2.  SM: In general, how do the new interconnects differ (physically, technologically) from the old Alpha-Snake, G-Snake, Sidewinder, etc.?


    WL:  As I’ve mentioned, the most obvious difference is that both the L & R channels are contained within a single outer jacket, PVC or braided depending on the model. This not only enables using today’s necessary variety of single-cable stereo connectors, it also costs less to manufacture than 2 individual cables. I then used the available budget to upgrade the internal cable geometry of even the least expensive Tower cable from our very effective Symmetrical-Coax design to Double-Balanced, using separate positive and negative conductors inside a separate connected-on-one-end shield; something previously only available on the over $100 Snake models.


    Maybe the most important example of the power of this redistributed budget is that Golden Gate, the price equivalent of the previous Sidewinder, could make the big upgrade to PSC (Perfect-Surface Copper). The combination of PSC and being Double-Balanced, gives $69 Golden Gate unequivocally higher performance than the previous $95 Copperhead.


    We also took the opportunity to design new ground-up RCA and 3.5mm plugs using better metals and which can be Cold-Welded to the cable instead of soldered. Inside those pretty barrels are the most sophisticated plugs ever used in a normal price range … the most sophisticated 3.5mm plug ever made, period.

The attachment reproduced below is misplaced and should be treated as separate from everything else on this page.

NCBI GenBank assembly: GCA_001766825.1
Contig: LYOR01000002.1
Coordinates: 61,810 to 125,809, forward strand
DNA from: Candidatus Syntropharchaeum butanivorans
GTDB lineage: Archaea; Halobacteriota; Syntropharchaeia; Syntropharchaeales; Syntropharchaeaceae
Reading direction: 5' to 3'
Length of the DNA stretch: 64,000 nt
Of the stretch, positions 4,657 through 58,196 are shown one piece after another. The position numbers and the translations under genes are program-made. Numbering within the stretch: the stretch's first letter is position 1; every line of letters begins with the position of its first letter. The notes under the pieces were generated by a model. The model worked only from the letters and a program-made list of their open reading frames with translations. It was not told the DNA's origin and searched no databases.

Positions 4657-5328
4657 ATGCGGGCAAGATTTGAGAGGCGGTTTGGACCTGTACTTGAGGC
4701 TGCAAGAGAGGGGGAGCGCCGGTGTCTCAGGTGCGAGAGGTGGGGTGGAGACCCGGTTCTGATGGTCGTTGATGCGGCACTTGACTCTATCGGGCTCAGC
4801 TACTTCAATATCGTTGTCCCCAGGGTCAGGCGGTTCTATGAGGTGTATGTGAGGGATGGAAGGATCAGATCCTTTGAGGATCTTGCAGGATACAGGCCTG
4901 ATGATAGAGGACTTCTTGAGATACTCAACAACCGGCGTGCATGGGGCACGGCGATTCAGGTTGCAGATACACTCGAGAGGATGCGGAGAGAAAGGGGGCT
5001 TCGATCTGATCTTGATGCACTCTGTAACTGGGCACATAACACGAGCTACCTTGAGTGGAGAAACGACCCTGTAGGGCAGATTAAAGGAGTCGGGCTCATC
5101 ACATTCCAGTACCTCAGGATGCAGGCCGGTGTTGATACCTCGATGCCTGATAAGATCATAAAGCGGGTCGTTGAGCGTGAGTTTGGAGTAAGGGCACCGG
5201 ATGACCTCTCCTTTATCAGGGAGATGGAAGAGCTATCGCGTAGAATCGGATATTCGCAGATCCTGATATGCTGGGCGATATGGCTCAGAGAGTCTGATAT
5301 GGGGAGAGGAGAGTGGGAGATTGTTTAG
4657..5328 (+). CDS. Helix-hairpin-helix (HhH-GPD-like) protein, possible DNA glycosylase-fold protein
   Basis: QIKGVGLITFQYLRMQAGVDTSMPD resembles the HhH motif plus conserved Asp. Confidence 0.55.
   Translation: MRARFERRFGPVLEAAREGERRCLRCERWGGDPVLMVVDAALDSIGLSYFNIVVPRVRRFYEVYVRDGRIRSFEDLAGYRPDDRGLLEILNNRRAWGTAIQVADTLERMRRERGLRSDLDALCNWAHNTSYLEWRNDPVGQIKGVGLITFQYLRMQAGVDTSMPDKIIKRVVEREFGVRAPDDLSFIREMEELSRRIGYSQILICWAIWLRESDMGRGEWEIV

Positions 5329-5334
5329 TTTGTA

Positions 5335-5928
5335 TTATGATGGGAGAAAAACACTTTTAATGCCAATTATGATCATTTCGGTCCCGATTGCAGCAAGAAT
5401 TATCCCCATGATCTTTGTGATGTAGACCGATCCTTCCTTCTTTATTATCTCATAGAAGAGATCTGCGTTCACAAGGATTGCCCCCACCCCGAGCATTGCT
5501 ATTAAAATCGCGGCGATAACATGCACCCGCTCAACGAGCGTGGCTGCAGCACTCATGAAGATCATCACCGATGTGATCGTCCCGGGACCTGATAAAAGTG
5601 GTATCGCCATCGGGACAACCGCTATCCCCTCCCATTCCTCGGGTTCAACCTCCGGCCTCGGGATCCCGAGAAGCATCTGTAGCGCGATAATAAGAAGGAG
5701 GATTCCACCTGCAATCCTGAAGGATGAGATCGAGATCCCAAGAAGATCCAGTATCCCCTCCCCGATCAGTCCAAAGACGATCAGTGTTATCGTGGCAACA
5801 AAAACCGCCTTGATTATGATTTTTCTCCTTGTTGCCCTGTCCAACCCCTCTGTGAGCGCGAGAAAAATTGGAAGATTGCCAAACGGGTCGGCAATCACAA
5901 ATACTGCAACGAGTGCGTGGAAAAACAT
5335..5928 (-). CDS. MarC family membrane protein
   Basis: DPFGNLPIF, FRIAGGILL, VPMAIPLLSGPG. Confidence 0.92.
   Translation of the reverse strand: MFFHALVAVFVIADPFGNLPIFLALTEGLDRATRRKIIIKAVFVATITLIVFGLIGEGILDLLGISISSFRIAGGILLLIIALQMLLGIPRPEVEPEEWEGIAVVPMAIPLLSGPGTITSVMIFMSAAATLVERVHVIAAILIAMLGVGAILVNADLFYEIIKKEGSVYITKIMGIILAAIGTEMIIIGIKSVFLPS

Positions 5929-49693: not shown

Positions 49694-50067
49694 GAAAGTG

The advantages of this design approach extends all the way up through 8 models, culminating in the all-singing and all-dancing pure-solid PSS silver Angel model. As with the very high-performance Big Rivers (Columbia, Colorado, Niagara), the Falls cables (Victoria, Yosemite, Angel) use Air-Tubes and DBS (AQ’s patented Dielectric-Bias System). Along with the cost-efficient advantages I already mentioned, only needing a single DBS pack is another reason the Falls are able to sound so good for so little.


    While it might be confusing to look at the Falls and AQ’s Big River cables and wonder which path to take, it’s actually very simple: If 3.5mm or DIN or iPod connectors are required, Falls cables offer previously unavailable super-high performance. If balanced XLR cables are needed, only the Big Rivers answer the call. And, if the requirement is RCA to RCA, then the 2 paths are really just a single straight path up. The cables in each series all have exactly the same price/performance ratio. Victoria brings DBS performance to an unprecedented lower price, Columbia uses the same materials with much bigger air-tubes to make better sound, for a higher cost. Yosemite’s FEP tubes allow Yosemite to sound clearly “faster” and more dynamic than Columbia, Colorado’s bigger FEP tubes … you get the idea.